5 Ways to Ensure Your Business Contest is Legal

Challenge your marketing department’s sweepstakes ideas to be above board in Rhode Island

No matter how successful a company may be, marketing departments and agencies are always in search of new opportunities to encourage growth, reach more people, and create more buzz around the business. One of the ideas that crops often fairly often: contests. But before they plaster the posters around, consider consulting with a lawyer.

There are myriad rules and regulations on contests and marketing giveaways that aren’t fixed when you add a legal disclaimer. Here are five things to keep in mind that might prevent legal exposure when pursuing a contest in Rhode Island:

1. No Lotteries

A contest that requires a payment to enter and has a prize that is chosen at random is legally considered a lottery. The government of each state or an entity of those governments are the only organizations that are legally authorized to run lotteries. The way to avoid being served with a letter from the attorney general is to not do one of these three things.

For example, don’t have people pay or give anything to enter the contest or don’t make the winner determined by pulling names out of a fish bowl.

2. Free Entry

You may enter people into a contest for purchasing something from your store, or by becoming a member of your organization, as long as there is a way to enter the contest without payment. This is the “no purchase necessary” language that you normally see in contests. Be certain that free entries are processed in the same way that paid entries are treated. There should be a clearly defined reasonable manner for free entries to be submitted and enough time for the entries to be received. For example, if one must mail in a postcard, be sure to wait three or more days after the deadline for the mail service to return any entries.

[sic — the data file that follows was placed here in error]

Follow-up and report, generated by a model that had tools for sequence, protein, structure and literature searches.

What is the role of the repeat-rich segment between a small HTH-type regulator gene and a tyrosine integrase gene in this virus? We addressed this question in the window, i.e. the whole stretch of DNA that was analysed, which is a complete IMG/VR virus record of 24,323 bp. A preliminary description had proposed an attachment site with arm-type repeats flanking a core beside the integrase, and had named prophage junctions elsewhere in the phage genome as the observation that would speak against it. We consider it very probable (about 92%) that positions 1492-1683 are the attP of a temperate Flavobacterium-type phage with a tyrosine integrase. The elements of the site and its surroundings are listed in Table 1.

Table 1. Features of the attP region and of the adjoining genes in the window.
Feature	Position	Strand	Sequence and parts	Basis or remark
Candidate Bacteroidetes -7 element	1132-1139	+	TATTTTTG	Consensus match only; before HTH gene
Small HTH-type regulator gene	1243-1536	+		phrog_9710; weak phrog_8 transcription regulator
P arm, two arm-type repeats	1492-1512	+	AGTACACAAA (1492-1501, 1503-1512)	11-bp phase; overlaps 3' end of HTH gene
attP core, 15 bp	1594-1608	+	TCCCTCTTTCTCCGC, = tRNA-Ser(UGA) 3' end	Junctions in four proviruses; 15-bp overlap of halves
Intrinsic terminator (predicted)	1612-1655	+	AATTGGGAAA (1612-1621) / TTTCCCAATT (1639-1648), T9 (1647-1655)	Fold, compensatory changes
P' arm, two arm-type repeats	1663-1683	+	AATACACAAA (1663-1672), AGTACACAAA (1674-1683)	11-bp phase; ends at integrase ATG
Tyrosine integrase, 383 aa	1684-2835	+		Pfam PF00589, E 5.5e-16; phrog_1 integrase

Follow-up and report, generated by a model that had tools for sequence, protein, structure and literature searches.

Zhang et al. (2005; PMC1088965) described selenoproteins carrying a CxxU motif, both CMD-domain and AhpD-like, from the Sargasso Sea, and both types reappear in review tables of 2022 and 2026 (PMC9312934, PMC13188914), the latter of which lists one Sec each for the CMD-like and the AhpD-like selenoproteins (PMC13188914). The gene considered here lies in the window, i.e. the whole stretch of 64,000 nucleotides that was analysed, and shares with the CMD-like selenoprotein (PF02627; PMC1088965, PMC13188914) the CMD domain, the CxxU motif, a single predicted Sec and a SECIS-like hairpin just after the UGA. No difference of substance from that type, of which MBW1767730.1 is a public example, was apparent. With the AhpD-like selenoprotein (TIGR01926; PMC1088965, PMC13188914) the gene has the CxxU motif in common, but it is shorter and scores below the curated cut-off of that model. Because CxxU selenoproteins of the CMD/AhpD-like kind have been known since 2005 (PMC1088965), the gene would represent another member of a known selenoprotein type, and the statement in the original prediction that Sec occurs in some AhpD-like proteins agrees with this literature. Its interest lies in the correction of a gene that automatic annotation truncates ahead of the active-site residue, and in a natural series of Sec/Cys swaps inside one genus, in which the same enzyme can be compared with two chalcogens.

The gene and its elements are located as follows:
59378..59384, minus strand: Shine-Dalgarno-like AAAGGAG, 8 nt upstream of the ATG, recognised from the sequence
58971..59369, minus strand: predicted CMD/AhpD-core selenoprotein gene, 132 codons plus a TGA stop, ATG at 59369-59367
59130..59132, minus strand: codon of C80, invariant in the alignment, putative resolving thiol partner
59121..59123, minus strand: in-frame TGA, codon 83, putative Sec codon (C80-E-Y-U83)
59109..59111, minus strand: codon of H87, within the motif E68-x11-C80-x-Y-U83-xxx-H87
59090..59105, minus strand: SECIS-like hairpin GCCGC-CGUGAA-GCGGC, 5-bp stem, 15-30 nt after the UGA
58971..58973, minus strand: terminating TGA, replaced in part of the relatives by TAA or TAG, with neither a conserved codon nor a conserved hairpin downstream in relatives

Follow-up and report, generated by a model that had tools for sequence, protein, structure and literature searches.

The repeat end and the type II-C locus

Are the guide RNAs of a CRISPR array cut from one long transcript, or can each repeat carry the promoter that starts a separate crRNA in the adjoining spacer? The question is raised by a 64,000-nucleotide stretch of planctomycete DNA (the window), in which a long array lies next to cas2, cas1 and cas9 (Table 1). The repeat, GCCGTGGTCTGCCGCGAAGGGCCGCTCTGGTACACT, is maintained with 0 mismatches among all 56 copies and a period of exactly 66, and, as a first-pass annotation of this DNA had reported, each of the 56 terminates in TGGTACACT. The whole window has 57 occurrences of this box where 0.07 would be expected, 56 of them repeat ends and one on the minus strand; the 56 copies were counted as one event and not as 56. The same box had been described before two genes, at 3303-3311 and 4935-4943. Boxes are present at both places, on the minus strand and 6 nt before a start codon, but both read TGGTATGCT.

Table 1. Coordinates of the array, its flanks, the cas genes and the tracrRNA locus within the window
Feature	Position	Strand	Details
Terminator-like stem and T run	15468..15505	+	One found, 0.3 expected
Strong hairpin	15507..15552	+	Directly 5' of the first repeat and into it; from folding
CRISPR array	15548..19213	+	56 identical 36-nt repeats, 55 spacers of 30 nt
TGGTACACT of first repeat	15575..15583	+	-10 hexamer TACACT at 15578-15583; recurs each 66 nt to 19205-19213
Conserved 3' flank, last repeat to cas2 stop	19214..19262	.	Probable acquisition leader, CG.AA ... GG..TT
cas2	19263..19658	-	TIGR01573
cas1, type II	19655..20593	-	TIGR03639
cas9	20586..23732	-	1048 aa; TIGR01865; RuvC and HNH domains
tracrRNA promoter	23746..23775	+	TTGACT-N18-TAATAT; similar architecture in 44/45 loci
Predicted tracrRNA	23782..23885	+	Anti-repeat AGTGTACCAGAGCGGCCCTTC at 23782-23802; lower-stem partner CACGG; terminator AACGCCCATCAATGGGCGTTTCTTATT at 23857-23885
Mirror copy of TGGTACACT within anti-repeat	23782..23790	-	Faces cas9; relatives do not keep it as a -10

3. Release the Rules

The topics to consider in creating the rules may include: who is eligible or ineligible, how ties are broken, how winners are selected, who owns any content produced, any media or likeness releases necessary, dates of the contest, odds of the contest, the possibility of substitutions of prizes for money, descriptions of the prizes, privacy policies, sponsor identities, what happens if the winner dies before claiming the prize, and restrictions on geographic areas.

Looking to other posted contest rules may fill in any gaps that you don’t currently have. These rules should be posted prominently and be easily accessed by contestants.

4. Fulfilling the Promises

This doesn’t only include actually finding the winners—although, if the entry form is not substantial enough, this may prove challenging. If any prize is worth over $600, winners should be sent a 1099 as this is a taxable incident. Also, businesses are required to keep records of all contests for two years that include: identities of everyone involved in running the contest, who the winner was and how they were selected, rules, tax documents, and any other contest specifics.

5. Exclude Certain Geographic Areas

Various states have thresholds for how much prize money and/or value is allowed to be conveyed in a contest. Rhode Island, for instance, has a limit of $500. If you have entries from states that are not excluded in your rules and your prizes exceed the state thresholds, you could have another tough letter from the attorney general.

These are just a few of the considerations that every business should look into if they are going to promote any sort of contest. There are some companies that can help to set up and execute a sweepstakes, but they are not necessarily considering your liability. Be sure to seek out the counsel of an experienced and reputable attorney to ensure your bases are covered and your business grows the way it’s supposed to.

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